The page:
"Liwa’a Al-Tawheed, or the Unity Brigades, is a splinter group. Irony isn’t their thing"
The proliferation of radical Islamist groups fighting in Syria is beginning to resemble the Jihadi Olympics in the words of one observer. (Me). They span the entire political spectrum, from extreme militant Salafist to Nihilist Al-Qaeda franchise. But to the untrained eye it’s difficult to tell them apart or know what each stands for. So we prepared this brief but handy guide to help you differentiate between The Lions of Damascus Brigades and The Damascus Lions Brigade. As a general rule, the more hard consonants there are in a group’s name, the more hardcore they are. Groups with 3 vowels or more are often dismissed as ‘liberals’.
Jabhat Al-Nusra: No doubt the jewel in the crown of all Jihadi groups. Except that they don’t approve of jewels. Or crowns. Or embellishments of any kind. Sometimes they are mistakenly referred to as Jabhat Al-Nusra Front, which literally means The Nusra Front Front. But that makes them sound ridiculous. And if there’s one group you don’t want to piss off it’s the Jabhat Al-Nusra. In fact, don’t piss any of them to be on the safe side.
Liwa’a Al-Tawheed: Liwa’a Al-Tawheed, or the Unity Brigades, is a splinter group formed out of a spin-off group of members that quit the Free Syrian Army. I know, but irony isn’t their thing.
The Lions of Damascus Brigades: Animal names are popular among Jihadi groups, but mostly lions and eagles, not so much giraffes and hedgehogs. The names are chosen to symbolise their ferocity but also their sympathy with nature and wildlife.
The Lions of Damascus is also a semantic device to appropriate the name of President Assad which means "lion" in Arabic. Many Jihadi groups are influenced by post-structuralist theory.
The Damascus Lions Brigade: Before you start making jokes of the “Judean Liberation Front” variety, it’s worth understanding the nuance in this group’s name that distinguishes it from The Lions of Damascus Brigades. There are some things about Jihadi groups that might appear nonsensical or irrational but… (we didn’t find a way to finish that sentence).
The Islamic Dawn Movement: Times of the day are also very common in group names, particularly ones symbolising newness and beginnings, dawn, morning, mid-morning, that sort of thing. Which is somewhat at odds with groups that draw inspiration from ancient times and have a strong sense of nostalgia about them, but as we have already established semantic consistency isn’t the Jihadists’ strong point.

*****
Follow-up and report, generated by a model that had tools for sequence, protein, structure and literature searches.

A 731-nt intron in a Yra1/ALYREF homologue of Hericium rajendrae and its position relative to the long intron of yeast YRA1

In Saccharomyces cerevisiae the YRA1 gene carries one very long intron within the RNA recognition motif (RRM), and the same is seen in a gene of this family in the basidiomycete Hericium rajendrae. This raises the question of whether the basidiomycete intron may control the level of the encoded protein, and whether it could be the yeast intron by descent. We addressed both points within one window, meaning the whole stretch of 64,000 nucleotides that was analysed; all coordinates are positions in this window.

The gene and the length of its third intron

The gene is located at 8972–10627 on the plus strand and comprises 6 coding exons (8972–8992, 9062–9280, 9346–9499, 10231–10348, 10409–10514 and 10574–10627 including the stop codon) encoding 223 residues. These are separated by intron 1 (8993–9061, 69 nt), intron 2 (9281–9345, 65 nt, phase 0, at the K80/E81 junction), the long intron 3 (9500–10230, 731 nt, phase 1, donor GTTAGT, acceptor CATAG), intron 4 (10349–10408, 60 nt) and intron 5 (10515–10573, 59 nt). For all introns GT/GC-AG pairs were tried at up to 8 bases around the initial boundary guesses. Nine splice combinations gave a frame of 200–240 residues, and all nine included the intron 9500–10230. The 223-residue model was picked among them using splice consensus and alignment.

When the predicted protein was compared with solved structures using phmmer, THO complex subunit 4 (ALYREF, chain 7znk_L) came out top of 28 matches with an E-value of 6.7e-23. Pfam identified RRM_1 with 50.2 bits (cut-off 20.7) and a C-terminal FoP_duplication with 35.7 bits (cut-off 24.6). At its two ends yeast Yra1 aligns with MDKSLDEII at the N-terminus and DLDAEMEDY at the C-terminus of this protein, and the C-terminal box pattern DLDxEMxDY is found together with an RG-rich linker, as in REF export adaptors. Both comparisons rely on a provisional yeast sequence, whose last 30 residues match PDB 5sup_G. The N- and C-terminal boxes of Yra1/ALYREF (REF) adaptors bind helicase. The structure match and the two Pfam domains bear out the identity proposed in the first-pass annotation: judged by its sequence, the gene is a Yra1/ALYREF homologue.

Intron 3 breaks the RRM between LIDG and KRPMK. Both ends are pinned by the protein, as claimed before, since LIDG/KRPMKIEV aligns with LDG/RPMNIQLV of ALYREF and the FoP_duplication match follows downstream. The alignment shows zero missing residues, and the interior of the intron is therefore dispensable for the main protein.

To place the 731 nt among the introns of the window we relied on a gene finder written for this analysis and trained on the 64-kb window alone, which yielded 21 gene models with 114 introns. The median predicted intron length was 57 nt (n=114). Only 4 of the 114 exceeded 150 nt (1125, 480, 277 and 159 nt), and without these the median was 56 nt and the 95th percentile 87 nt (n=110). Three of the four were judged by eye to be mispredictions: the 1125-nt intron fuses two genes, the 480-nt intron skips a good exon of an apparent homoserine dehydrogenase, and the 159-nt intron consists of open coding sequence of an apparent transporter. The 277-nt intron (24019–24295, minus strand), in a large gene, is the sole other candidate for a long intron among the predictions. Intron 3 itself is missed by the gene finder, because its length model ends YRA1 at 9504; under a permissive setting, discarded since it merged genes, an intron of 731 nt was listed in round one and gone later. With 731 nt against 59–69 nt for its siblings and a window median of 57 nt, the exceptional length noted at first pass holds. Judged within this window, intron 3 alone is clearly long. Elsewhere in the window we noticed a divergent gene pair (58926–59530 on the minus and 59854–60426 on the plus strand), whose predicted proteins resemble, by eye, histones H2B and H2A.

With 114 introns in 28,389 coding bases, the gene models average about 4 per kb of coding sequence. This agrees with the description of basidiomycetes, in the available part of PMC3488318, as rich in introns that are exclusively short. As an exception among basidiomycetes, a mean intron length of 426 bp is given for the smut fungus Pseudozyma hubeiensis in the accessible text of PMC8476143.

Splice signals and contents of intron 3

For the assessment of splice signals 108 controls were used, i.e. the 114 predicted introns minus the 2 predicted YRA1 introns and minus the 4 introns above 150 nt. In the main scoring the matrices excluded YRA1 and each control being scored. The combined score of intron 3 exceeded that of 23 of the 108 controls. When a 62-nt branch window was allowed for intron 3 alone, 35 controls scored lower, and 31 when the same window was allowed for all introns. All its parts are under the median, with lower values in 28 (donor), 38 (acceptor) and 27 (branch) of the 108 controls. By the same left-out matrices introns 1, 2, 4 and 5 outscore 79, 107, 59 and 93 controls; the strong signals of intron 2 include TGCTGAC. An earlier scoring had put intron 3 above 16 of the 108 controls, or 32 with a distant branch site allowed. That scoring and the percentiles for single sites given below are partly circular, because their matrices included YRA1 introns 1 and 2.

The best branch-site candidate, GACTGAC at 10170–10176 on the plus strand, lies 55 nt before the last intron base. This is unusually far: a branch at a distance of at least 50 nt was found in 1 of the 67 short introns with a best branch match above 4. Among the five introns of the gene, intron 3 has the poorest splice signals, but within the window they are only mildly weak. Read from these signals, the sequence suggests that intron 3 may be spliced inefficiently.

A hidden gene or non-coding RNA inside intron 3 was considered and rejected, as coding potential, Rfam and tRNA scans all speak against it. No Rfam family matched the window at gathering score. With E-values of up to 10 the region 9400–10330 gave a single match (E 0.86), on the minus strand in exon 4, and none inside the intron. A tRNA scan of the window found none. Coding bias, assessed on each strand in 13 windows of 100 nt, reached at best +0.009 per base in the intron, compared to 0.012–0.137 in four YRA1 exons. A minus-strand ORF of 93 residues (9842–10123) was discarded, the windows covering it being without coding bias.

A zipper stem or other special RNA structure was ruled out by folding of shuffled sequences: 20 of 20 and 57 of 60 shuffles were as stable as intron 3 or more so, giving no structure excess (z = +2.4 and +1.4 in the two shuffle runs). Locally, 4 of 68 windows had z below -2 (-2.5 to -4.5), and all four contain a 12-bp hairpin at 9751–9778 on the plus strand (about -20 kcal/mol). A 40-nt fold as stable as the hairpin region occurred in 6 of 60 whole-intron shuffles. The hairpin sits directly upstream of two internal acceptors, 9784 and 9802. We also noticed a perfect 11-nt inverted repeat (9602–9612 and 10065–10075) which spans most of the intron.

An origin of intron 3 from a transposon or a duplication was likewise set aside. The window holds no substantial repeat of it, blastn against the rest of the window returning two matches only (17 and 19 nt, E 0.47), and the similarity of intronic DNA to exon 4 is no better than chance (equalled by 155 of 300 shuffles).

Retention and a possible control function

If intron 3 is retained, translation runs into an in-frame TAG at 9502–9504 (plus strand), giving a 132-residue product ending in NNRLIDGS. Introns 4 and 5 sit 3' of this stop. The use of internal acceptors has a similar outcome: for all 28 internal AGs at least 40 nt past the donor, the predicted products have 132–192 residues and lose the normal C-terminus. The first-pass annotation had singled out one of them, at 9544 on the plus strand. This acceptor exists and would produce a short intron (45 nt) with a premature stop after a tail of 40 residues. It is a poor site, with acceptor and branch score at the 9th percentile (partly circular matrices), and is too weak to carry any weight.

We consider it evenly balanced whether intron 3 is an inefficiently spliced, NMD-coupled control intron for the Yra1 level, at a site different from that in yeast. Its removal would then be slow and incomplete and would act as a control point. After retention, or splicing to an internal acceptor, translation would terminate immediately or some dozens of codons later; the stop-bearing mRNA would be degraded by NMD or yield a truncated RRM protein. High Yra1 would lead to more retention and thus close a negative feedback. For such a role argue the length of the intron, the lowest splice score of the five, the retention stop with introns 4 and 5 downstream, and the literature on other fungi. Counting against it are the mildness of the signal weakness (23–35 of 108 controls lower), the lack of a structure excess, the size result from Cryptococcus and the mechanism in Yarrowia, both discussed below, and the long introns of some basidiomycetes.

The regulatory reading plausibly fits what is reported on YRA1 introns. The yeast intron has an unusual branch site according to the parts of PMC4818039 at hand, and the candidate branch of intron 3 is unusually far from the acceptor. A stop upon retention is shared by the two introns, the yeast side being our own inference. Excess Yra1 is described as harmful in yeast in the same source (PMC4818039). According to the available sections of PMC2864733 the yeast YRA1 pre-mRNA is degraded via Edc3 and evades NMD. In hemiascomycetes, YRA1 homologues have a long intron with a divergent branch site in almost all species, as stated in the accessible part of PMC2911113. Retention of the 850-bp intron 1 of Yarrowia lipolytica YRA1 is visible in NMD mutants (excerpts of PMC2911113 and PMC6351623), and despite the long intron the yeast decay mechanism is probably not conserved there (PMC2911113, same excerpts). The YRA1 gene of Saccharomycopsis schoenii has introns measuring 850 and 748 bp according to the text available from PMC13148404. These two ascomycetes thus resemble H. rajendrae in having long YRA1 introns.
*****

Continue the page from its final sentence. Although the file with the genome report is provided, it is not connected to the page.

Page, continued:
The Ummah’s Shield Brigade: Shields, swords, sabres and other paraphernalia from Islamic history are quite common among these groups, but for some reason not astronomical instruments, medical implements, or any of the multitude of devices that Islamic scientists produced in the past. One might argue that it’s the result of a selective and militarised interpretation of Muslim history, but one better be at a safe distance before making such an argument.
Sultan Mohamed Battalion: Some might ungenerously assume that this group was named after the Ottoman Sultan because it is sponsored by Turkey, but such cynical conspiratorial interpretations have no place in the modern Jihadi world. In fact the group’s name commemorates the Sultan’s main achievement, conquering Constantinople and defeating the Byzantine Empire. This austere battalion is deeply offended by the Byzantines, “spending hours putting those puzzles together”. (We think they mean mosaics.)
The Free Men of Syria Brigade: Freedom is a strong theme among Jihadist groups, although you need to disassociate it from its Euro-centric meaning in the sense of freedom to drink alcohol, vote, or read modern poetry. Freedom here refers to the freedom to impose the righteous way on other people, a human right that is totally ignored by the West. The Free Men of Syria practice what they preach, and they have taken the liberty to destroy several shipments of alcohol already.
We hope this guide was helpful, come back for updates as the groups constantly change shape, reform and split, according to their own internal logic. (Nothing to do with where their financial support is coming from, as some cynics might argue.) And to the Jihadi groups we say, we’re just doing a public service here, don’t shoot the messenger. I mean, you’ve been known to do it in the past.